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Work Master Alpais' ciborium
Department of Decorative Arts: Middle Ages
Maître Alpais ciborium
© 2009 RMN / Jean-Gilles Berizzi
An ancient tradition has it that this ciborium was found at Montmajour, near Arles. This provenance cannot be verified for lack of documents. It is one of the most famous works made by the enamelers of Limoges and bears an inscription showing that it was made in Limoges and giving the maker's name, key elements in the history of Limoges enamel. Its technical perfection and style make it a masterpiece of the 1200s.
An abundant iconography
The ciborium consists of two bulging vessels fitting one inside the other and standing on a small conical foot. The latter is decorated with figures and monsters amid a foliated pattern treated in a very gentle manner. The inside of the upper vessel is engraved with the hand of God bestowing a blessing, and a half-length angel surrounds the inscription inside the lower vessel. On the outside, the busts of several angels, the twelve apostles, and four prophets set in diamond-shaped fields are depicted in champlevé enamel. The upper vessel is surmounted by a knob consisting of angels' busts. The decorative feature that has drawn the most comment is the frieze of "pseudo-Kufic" characters running around the lip of the lower vessel. This was a recurrent ornamental feature in Limoges and had long been adopted in Aquitaine.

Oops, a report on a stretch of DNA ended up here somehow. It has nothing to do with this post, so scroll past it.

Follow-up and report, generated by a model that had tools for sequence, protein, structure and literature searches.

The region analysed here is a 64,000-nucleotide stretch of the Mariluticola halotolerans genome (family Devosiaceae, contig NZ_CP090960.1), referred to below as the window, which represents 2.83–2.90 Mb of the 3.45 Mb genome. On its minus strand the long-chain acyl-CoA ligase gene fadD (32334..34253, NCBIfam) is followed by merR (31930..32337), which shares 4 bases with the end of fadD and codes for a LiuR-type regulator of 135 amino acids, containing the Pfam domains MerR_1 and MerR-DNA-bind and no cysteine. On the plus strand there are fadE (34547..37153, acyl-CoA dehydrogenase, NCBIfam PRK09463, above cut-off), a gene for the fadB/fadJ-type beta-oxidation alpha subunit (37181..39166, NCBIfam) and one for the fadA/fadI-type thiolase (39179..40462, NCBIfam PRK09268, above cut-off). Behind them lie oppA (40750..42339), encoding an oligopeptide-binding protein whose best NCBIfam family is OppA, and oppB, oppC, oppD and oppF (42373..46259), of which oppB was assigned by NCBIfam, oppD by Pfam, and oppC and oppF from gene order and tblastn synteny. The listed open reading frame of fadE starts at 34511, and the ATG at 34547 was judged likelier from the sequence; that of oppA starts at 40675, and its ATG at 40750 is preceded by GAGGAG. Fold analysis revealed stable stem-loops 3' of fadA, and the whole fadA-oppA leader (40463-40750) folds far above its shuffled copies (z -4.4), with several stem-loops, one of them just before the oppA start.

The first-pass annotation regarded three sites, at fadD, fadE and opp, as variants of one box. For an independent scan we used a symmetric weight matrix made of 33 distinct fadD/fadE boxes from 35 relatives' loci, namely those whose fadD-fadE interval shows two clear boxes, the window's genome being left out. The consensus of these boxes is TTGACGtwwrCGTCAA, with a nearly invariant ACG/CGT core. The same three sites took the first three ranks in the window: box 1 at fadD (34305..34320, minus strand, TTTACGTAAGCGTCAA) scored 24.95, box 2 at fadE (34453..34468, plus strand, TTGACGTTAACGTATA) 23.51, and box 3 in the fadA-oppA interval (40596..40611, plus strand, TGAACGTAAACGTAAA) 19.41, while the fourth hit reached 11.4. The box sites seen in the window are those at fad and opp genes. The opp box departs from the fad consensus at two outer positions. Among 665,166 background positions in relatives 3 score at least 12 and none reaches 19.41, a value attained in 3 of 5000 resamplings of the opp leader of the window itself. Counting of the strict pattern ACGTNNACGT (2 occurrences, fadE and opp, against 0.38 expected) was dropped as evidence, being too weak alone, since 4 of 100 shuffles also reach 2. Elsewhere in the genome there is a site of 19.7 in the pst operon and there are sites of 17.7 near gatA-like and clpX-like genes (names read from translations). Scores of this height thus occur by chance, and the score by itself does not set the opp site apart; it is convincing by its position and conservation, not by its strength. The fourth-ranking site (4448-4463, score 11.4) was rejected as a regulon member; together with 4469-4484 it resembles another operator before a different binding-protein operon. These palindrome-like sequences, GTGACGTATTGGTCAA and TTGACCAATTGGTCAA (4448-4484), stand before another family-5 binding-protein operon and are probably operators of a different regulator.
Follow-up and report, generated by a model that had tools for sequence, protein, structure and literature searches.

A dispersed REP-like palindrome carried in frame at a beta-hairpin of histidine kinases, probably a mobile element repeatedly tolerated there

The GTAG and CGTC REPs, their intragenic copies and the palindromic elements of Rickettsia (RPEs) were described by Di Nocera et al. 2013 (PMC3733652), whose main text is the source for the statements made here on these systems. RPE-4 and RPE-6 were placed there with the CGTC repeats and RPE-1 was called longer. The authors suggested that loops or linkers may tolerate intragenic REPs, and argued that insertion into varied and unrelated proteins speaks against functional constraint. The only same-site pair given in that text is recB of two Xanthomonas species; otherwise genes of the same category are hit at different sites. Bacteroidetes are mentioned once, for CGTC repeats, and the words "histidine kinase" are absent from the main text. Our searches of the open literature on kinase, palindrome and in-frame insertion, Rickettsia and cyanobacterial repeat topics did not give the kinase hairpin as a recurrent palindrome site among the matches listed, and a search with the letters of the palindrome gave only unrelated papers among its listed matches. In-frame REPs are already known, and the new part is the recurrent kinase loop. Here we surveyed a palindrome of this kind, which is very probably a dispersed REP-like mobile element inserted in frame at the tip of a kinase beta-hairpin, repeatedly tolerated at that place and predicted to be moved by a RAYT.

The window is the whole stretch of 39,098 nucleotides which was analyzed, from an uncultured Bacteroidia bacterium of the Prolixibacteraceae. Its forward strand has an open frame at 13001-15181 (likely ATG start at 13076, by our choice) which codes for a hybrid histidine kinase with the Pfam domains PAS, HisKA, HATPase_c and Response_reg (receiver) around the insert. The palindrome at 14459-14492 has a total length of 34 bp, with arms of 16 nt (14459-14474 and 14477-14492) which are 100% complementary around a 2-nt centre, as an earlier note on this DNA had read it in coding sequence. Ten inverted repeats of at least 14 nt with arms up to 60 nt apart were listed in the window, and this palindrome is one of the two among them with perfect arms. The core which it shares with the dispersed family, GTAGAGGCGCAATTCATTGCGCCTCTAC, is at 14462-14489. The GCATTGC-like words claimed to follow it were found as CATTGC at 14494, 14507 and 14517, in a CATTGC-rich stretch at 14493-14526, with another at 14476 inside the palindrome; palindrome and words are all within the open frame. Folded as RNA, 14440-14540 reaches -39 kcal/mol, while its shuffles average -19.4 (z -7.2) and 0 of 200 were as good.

A turning-point in style
The fairly stylized treatment of the figures on the vessels is seen in many twelfth-century works, especially in Limoges (on the Ambazac reliquary for example. However, these heads stand out from those of other works by the softening of contour and expression, a feature also seen in the figures on the foot and knob. Similarly, the drapery of the busts is still marked by Romanesque linear trends, but the figures on the foot display a degree of animation that heralds the Gothic. The ciborium marks a turning-point, then, showing signs of early Gothic art, while stills bearing traces of the remnants of Romanesque.
A rare example of a signature on a piece of Limoges enamel
The inscription inside the lower vessel reveals that a certain G. Alpais made the ciborium in Limoges and claims its authorship. He is referred to as "Maître" (Master) and appears several times in records in Limoges. Although we have little information about him, the ciborium is proof that Master Alpais was extremely skilled in champlevé enameling. He also used to perfection a broad range of gold and silversmith's techniques.
BibliographyL'Oeuvre de Limoges. Émaux limousins du Moyen Age, Paris, Éditions de la Réunion des musées nationaux, New York, Metropolitan Museum of Art, 1995
Limoges (c. 1200)
Maître Alpais ciborium
Gilded copper, champlevé enamel, glass cabochons
Former Révoil collection; acquired in 1828
Display case 24
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